Press Room

Nonverbal Behavior May Overshadow Substance in Presidential Debates

February 19, 2016
New Research
Political

Washington, DC - Fair warning to presidential candidates participating in upcoming presidential debates: your inappropriate nonverbal behavior is noticed, and it could overshadow the substance of what you say.

When style obscures substance: Visual attention to display appropriateness in the 2012 presidential debates,” recently published in the journal Communication Monographs, and highlighted in the National Communication Association’s newly released research digest, Communication Currents, examines the consequences of appropriate versus inappropriate nonverbal behavior as displayed by candidates during presidential debates.

Communication researchers Zijian Harrison Gong of the University of Tampa and Erik P. Bucy of Texas Tech University describe inappropriate political nonverbal behavior as facial displays and gestures that are not compatible with the intended message or tone of the setting in which they occur. For example, during the 2012 debates between Mitt Romney and Barack Obama, viewers criticized the president’s nonverbal behavior in the first debate, which focus group participants characterized as “unprofessional” and “unpresidential.” Critics said he avoided eye contact and smirked at some of Romney’s comments and that, while he occasionally winced when under verbal attack, he did not fire back.

How, exactly, do viewers react when they see these kinds of behaviors in televised presidential debates? Gong and Bucy analyzed reactions using measures of visual attention (an eye-tracking test) as well as focus groups.

In an eye-tracking experiment, they found that people tend to fixate on inappropriate nonverbal behavior more often and for longer periods of time than they spend focusing on appropriate behavior. The researchers also found that people remember the substance of candidate statements better when they perceive candidates as behaving appropriately but the inverse can be expected when candidates are perceived as behaving inappropriately.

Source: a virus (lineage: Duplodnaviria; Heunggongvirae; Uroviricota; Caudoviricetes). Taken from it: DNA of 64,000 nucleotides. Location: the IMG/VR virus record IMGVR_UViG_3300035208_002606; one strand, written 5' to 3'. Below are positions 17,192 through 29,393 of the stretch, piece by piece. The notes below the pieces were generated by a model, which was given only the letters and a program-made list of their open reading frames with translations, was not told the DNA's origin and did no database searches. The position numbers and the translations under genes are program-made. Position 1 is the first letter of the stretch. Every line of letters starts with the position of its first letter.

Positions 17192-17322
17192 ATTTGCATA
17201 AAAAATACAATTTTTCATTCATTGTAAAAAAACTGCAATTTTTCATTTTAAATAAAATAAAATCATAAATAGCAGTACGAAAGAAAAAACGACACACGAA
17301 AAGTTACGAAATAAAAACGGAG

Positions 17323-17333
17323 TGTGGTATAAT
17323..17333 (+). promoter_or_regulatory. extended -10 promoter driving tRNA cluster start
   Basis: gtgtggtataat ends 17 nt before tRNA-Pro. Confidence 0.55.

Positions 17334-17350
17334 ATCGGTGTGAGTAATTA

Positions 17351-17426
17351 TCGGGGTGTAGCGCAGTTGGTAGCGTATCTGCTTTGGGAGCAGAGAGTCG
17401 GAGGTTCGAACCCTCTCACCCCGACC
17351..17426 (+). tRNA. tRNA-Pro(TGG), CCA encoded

Focus group comments supported the experimental eye-tracking results. One participant said he thought Obama deserved a dip in the polls following his first 2012 presidential debate performance, not because he appeared weak or incompetent but “because of his body language and his attitude.”

Other participants agreed, saying they thought Obama appeared uninterested, dismissive, and even disrespectful toward Romney.

In responding to the third debate of the campaign, however, participants said they thought that Romney’s behavior was inappropriate, noting his rapid blink rate (a sign of stress), the rehearsed quality of his answers, and hurried talking pace.

According to the researchers, understanding the influence of nonverbal communication on how citizens perceive candidates is important because voters rely heavily on television as a primary source of political information—a timely warning for this year’s candidates as the presidential race continues.


To arrange an interview with one of the researchers, contact Natalia López-Thismón at 202-534-1104 or nlopez-thismon@natcom.org. 

About the National Communication Association

The National Communication Association (NCA) advances Communication as the discipline that studies all forms, modes, media, and consequences of communication through humanistic, social scientific, and aesthetic inquiry. NCA serves the scholars, teachers, and practitioners who are its members by enabling and supporting their professional interests in research and teaching. Dedicated to fostering and promoting free and ethical communication, NCA promotes the widespread appreciation of the importance of communication in public and private life, the application of competent communication to improve the quality of human life and relationships, and the use of knowledge about communication to solve human problems.

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